Ofcom, Trading Standards, the Office of Fair Trading, and social media platforms are weapons in the customer’s own, defensive, arsenal. But the strategic question remains: Why drive a tank onto the field of business simply because technology allows you to? Should customers be hiding in a bunker to escape the onslaught?
Ghost in the machine
In recent years Ofcom has acted to tackle so-called ‘ghost’ or ‘silent’ calls to UK residents – a problem associated with dialler applications that call more numbers than human agents can handle. More recently, robot calls (‘This is an important message: Do not hang up the phone.’) have proliferated. For mobile users, constant interruptions from 0845 numbers can be highly intrusive.
Another common strategy is to force customers to call premium-rate phone lines to talk to customer-support agents and technical teams. This begs the question of what incentive some organisations have to deal with problems swiftly, when they can profit more by keeping customers on hold. During its catastrophic IT systems failure in 2012, RBS Group was criticised for setting up a premium-rate support line when customers were unable to access their accounts for several days.
Lessons for strategists
To return to the challenge of searching online for customer complaints. Why take it? The answer is that this is what customers are doing, and they will share their findings with others on Twitter, on Facebook groups, and on consumer advice portals.
People will share their enthusiasm for good products, but an organisation’s support services are just as important, and the customer’s experience there may tell a different story. People are more likely to Tweet about a poor experience than they are about a well-handled call.
In effect, there is a hidden economy, an alternative stock exchange where a company’s market capitalisation is measured in goodwill or bad by the public, rather than by shareholders.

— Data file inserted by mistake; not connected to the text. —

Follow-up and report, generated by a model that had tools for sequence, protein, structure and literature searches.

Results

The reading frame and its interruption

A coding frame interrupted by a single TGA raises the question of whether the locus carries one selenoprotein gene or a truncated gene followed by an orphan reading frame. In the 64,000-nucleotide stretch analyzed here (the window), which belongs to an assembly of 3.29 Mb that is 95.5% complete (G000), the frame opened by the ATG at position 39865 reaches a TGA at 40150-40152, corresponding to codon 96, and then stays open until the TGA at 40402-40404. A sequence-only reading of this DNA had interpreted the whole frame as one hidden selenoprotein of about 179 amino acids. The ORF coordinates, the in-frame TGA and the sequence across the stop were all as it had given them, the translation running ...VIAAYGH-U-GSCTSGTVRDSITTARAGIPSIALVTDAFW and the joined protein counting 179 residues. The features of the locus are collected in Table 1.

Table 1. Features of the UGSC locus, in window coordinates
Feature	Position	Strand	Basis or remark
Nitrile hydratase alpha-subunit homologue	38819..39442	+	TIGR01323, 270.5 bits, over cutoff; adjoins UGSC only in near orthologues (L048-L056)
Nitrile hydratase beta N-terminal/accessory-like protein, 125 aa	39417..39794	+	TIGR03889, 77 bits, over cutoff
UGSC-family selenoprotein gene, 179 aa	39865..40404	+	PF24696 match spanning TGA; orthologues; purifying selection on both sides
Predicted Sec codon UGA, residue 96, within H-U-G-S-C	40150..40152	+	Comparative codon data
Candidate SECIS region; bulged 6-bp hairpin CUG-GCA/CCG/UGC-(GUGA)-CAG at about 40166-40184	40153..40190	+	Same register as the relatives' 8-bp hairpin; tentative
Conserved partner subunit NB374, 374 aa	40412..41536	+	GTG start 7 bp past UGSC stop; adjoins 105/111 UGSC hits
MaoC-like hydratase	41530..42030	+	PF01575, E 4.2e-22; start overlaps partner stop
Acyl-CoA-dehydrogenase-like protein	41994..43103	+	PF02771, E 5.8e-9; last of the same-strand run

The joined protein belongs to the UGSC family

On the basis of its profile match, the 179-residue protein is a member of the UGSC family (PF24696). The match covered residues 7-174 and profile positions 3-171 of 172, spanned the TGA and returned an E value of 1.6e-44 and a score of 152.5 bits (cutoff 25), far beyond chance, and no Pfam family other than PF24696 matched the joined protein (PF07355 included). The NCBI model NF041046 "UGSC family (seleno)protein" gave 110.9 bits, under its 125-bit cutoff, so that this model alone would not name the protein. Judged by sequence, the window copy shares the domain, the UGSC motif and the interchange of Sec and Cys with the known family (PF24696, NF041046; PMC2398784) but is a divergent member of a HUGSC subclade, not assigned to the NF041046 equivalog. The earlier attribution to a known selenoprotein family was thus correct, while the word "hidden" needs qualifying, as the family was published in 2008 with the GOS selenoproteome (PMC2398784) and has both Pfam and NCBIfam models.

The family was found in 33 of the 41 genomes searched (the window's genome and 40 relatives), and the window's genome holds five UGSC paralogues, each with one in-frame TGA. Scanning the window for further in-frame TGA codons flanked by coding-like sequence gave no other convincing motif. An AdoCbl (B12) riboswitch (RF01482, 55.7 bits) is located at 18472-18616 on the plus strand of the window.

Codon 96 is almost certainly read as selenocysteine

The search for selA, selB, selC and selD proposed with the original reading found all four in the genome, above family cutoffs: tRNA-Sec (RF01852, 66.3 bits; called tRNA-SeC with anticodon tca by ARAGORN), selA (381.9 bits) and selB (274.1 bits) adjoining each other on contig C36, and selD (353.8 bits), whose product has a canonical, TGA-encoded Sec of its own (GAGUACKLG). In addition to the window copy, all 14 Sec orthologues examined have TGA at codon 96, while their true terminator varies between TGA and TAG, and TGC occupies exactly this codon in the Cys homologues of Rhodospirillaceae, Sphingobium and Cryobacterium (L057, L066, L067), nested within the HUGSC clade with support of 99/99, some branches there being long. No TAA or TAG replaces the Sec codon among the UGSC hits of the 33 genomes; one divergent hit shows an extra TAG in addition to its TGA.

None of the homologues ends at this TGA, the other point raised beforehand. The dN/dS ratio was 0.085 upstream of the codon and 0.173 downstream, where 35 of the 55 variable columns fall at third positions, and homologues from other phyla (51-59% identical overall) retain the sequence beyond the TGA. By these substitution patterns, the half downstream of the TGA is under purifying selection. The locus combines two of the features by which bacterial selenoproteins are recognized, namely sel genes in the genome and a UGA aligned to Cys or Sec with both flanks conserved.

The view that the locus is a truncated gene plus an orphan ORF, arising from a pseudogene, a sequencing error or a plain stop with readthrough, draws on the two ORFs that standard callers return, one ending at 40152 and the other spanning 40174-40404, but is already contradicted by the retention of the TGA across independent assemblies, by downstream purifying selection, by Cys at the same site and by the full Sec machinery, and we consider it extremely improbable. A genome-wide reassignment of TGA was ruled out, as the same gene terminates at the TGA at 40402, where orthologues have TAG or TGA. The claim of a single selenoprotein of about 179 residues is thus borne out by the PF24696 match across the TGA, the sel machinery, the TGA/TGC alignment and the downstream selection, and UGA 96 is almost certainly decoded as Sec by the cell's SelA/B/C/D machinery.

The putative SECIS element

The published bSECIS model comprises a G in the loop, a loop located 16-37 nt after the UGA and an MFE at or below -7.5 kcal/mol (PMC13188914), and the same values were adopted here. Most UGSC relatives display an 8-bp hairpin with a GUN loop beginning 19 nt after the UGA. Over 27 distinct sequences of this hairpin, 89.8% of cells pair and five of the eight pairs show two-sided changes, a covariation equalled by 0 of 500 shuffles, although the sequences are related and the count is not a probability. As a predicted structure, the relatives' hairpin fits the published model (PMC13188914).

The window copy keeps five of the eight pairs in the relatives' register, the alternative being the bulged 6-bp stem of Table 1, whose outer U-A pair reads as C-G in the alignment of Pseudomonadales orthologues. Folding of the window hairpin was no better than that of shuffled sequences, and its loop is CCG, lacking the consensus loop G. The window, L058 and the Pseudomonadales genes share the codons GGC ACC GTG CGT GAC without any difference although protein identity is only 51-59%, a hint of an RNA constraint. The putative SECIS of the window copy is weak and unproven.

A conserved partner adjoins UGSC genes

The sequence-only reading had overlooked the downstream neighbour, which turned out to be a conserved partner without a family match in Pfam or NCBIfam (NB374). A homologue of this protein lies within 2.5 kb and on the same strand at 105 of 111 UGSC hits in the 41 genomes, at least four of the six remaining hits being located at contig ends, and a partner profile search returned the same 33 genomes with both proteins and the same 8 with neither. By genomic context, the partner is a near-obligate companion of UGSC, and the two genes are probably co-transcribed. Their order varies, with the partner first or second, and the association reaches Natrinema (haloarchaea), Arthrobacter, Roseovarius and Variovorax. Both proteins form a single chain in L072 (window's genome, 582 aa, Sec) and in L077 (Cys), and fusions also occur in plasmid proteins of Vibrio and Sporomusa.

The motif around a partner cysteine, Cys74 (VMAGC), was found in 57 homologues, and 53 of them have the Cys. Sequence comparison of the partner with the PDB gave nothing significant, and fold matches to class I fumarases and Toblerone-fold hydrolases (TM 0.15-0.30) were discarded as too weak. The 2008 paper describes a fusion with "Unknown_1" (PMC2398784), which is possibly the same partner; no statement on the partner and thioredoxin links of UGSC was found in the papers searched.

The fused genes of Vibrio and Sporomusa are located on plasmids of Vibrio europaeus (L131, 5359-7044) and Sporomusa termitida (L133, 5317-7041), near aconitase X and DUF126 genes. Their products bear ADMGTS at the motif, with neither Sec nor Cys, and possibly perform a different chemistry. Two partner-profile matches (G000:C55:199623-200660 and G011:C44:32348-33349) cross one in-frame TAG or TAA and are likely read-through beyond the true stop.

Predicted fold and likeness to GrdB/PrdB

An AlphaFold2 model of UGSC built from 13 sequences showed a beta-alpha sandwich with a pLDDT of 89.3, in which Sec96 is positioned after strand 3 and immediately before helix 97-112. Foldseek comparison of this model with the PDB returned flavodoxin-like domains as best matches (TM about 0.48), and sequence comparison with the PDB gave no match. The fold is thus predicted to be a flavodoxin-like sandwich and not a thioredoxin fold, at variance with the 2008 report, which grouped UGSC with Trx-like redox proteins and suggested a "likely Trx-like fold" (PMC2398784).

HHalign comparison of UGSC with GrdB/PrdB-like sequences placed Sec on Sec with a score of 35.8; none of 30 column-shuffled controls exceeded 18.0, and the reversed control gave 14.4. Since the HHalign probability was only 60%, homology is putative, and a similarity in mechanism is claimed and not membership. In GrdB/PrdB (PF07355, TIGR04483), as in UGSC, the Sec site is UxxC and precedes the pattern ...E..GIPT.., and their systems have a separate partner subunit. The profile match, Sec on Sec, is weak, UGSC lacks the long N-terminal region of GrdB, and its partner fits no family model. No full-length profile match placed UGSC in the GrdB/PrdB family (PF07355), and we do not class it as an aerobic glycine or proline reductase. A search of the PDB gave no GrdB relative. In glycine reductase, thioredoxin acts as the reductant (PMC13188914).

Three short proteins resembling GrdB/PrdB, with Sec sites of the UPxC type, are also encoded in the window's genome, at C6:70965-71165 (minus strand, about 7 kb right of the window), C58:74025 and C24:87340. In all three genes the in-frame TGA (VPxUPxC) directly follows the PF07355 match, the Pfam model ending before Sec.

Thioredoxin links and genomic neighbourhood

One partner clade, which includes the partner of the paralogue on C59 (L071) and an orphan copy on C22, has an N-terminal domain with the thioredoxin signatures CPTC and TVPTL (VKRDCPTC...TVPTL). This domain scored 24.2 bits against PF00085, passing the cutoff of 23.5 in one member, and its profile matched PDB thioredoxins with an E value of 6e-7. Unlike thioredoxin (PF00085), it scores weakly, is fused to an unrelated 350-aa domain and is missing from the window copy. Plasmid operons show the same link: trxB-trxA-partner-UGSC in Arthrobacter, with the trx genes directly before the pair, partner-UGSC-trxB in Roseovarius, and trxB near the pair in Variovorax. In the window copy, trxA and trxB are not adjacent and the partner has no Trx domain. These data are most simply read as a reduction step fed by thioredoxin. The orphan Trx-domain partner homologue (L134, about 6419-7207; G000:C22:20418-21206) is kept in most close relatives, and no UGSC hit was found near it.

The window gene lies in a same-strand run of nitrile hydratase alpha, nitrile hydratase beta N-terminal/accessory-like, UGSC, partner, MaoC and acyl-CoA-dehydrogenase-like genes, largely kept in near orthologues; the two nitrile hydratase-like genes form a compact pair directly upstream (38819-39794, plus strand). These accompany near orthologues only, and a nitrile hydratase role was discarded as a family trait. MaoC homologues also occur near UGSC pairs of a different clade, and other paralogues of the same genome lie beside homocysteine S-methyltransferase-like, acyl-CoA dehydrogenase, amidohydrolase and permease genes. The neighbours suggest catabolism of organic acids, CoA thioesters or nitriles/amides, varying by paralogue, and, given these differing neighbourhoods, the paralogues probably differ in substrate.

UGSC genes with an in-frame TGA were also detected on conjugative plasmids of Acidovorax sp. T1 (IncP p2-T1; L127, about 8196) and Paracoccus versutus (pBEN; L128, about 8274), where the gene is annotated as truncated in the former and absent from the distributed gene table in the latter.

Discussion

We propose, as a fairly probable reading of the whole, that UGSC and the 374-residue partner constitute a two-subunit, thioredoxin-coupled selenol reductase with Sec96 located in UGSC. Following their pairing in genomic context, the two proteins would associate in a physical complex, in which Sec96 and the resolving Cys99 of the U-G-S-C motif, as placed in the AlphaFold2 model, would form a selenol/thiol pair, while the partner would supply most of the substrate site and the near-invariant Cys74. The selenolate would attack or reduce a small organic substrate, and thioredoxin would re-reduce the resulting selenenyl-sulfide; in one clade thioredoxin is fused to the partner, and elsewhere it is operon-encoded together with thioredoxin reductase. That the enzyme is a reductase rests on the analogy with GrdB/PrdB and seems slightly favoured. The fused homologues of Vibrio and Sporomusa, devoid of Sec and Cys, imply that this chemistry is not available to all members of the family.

Good public service and shareholder value ought to go hand in hand, but the reality is sometimes different. In the case of some utilities, telecoms providers, insurance providers, airlines, banks and credit companies, their goodwill stock rides at historic lows.
The problem is that this network effect forms a background chatter about how a company treats its customers, because on the floor of the ‘goodwill exchange’ the traders are the customers, and their loyalty will switch to rival stocks.
Everyone wants to feel valued and no one wants to take second place to cost-cutting, which, to many customers, is all that an offshore customer contact centre represents.
BT, MBNA, British Gas, Vodafone and many others have been criticised in recent years for poor call centre service – in some cases for long waiting times and a lack of audit trails of conversations, and in others for aggressive agents or alleged harassment by phone.
Call centre agents can only work with data from the client company’s systems, but they also need to be able to think on their feet and be tactful. That can be difficult if agents are given scripts to follow and have a set number of calls to answer, or to make.
The other side of the fence
The agent side of the equation should never be overlooked. ‘Rick’ is a call centre training expert of many years’ experience within blue-chip clients. He says that finding, training, motivating and retaining agents who have the right people skills is a huge challenge in a traditionally high-churn role.